Whitman news since 1896

Whitman Wire

Vol. CLIV, Issue 8
Whitman news since 1896

Whitman Wire

Whitman news since 1896

Whitman Wire

Ebola no excuse to fear West Africa


Illustration by Eric Rannestad.

In the beginning of medical training, one of the essential principles learned is “do no harm.” Most people who have been writing about ebola in the United States aren’t medical professionals, so they might not feel a responsibility to uphold this rule. Coverage of the few ebola cases in the United States has read like some sort of zombie horror novel where all hell breaks loose the moment ebola spreads from West Africa to the United States and all of a sudden isn’t just a faraway statistic anymore. Ebola is scary, but fear of ebola shouldn’t lead to fear of other cultures or people.

Two summers ago, I contracted a tropical hemorrhagic fever. It was dengue, not ebola, but the two viruses have similar symptoms including high fever, vomiting, muscle pain, and internal and external bleeding. They both burden the developing world almost exclusively. Despite the fact that there are over 100 million cases of dengue annually, and that the death toll from the current ebola outbreak is quickly approaching 5,000, efforts to improve conditions that foster proliferation of disease haven’t received enough support. Additionally, neither virus has any FDA-approved vaccines or drugs.

We live in a world where pharmaceutical manufacturers, insurance companies and a dysfunctional medical-industrial complex turn illness and disease into something immensely profitable. However, since diseases like ebola and dengue primarily affect poor people who live far away, they are neglected, and research that could save millions of lives goes unfunded. In this system human suffering only matters when the people suffering can afford expensive treatments, and everyone else is just a number. People aren’t statistics. When the numbers say that 5,000 people have died of ebola, it means that 5,000 individuals, with talents and dreams and loved ones, died a bloody, unglamorous death.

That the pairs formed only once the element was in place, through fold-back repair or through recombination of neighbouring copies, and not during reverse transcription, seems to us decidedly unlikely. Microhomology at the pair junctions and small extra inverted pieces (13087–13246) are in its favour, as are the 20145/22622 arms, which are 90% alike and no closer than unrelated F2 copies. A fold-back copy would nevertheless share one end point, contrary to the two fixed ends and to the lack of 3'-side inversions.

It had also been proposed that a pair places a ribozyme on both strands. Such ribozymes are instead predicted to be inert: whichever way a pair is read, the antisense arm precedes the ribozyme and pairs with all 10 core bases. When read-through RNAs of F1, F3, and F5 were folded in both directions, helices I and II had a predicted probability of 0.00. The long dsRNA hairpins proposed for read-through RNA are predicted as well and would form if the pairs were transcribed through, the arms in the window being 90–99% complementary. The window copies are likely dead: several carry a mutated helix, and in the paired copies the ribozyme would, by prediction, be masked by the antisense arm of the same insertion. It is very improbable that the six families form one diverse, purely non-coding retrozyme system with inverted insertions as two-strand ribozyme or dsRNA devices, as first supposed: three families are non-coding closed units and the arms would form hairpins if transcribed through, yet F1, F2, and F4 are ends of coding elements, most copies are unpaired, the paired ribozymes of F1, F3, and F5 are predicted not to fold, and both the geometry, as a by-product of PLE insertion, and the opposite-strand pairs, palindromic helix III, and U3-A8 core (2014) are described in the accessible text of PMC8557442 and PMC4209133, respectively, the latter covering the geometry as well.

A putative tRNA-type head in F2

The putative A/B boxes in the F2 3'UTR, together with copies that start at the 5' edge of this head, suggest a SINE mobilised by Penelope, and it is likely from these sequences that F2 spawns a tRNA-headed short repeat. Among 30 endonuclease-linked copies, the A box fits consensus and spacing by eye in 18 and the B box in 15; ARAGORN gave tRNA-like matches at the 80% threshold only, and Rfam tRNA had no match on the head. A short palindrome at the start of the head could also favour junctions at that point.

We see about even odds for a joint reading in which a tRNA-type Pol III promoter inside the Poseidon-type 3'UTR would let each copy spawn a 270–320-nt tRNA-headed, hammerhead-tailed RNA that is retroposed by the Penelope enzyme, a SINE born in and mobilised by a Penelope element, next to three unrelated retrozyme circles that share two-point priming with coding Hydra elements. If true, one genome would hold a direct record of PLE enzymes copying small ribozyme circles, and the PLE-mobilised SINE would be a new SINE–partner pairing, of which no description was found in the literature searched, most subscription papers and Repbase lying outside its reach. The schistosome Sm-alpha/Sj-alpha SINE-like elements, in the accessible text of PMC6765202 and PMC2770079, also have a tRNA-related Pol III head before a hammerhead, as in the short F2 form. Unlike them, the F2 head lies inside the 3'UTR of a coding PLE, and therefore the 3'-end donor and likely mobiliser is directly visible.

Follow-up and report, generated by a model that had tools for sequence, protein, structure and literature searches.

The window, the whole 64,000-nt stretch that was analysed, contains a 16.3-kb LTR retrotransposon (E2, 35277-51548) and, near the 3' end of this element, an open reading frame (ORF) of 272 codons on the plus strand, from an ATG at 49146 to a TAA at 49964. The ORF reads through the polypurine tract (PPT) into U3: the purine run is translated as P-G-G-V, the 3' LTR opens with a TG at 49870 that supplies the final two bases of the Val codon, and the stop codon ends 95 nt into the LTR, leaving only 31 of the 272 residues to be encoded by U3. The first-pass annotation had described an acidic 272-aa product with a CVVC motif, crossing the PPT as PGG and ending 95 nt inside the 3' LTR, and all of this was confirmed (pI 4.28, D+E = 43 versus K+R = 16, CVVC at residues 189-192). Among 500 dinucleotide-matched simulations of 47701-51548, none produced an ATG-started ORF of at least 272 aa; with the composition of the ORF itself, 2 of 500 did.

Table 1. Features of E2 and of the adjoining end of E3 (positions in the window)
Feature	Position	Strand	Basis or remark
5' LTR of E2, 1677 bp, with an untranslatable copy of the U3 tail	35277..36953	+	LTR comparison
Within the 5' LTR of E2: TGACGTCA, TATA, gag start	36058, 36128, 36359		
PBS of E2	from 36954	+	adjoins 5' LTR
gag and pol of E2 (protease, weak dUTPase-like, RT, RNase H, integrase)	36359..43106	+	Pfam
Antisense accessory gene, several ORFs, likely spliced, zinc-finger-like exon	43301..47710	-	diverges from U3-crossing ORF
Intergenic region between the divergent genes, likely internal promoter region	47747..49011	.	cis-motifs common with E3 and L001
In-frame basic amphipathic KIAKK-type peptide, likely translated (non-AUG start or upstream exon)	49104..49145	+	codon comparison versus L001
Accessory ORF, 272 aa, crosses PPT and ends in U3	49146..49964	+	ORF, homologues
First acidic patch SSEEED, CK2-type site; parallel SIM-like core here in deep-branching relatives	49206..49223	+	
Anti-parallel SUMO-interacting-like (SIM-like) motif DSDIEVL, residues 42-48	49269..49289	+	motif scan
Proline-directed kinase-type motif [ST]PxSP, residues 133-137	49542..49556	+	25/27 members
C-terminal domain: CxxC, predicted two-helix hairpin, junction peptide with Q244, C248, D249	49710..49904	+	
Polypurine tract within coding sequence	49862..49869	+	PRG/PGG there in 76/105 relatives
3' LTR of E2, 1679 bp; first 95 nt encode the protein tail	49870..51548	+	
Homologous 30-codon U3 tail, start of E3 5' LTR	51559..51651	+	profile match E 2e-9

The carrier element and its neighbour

When social factors play a role in determining quality of health, disease isn’t just a biological concern. Ebola is a race issue, due to how some new policies are equating fear of ebola with fear of Africans, a feminist issue, since almost 75% of ebola cases are in women, and a socioeconomic issue, as the Texas hospital sent the first US ebola victim home from the emergency room because he was uninsured.

My ultimate goal in life is to work for Doctors Without Borders. In following the work they’ve done to combat the ebola outbreak in Liberia, Sierra Leone and Guinea, it’s become clear to me that they’re not just combatting a disease. Liberia has a sad history of colonialism and civil war, which has left bad infrastructure and a rightful distrust of Americans. In order to do their work and take care of patients, Doctors Without Borders must find a way to overcome these systemic problems, handle cultural differences with sensitivity and prove to the people of Liberia that they’re not there to exploit or exterminate.

One way they’ve tried to show this was in the decision that they would not use experimental non-FDA approved vaccinations or drugs to treat ebola patients. Guided by medical ethics and the principal of “do no harm” the organization holds a position that distances itself from neocolonialism. These unapproved drugs could potentially save lives, but patients might not be able to give informed consent to participate in a clinical trial and the drugs could have unintended side effects. By not turning West Africa into a giant shady drug trial, Doctors Without Borders is legitimizing their intent to provide impartial care. Their price for integrity is measured in lives lost. However, the consequences of straying from the principals of bioethics would foster malpractice, distrust and dehumanization, ultimately costing even more lives.

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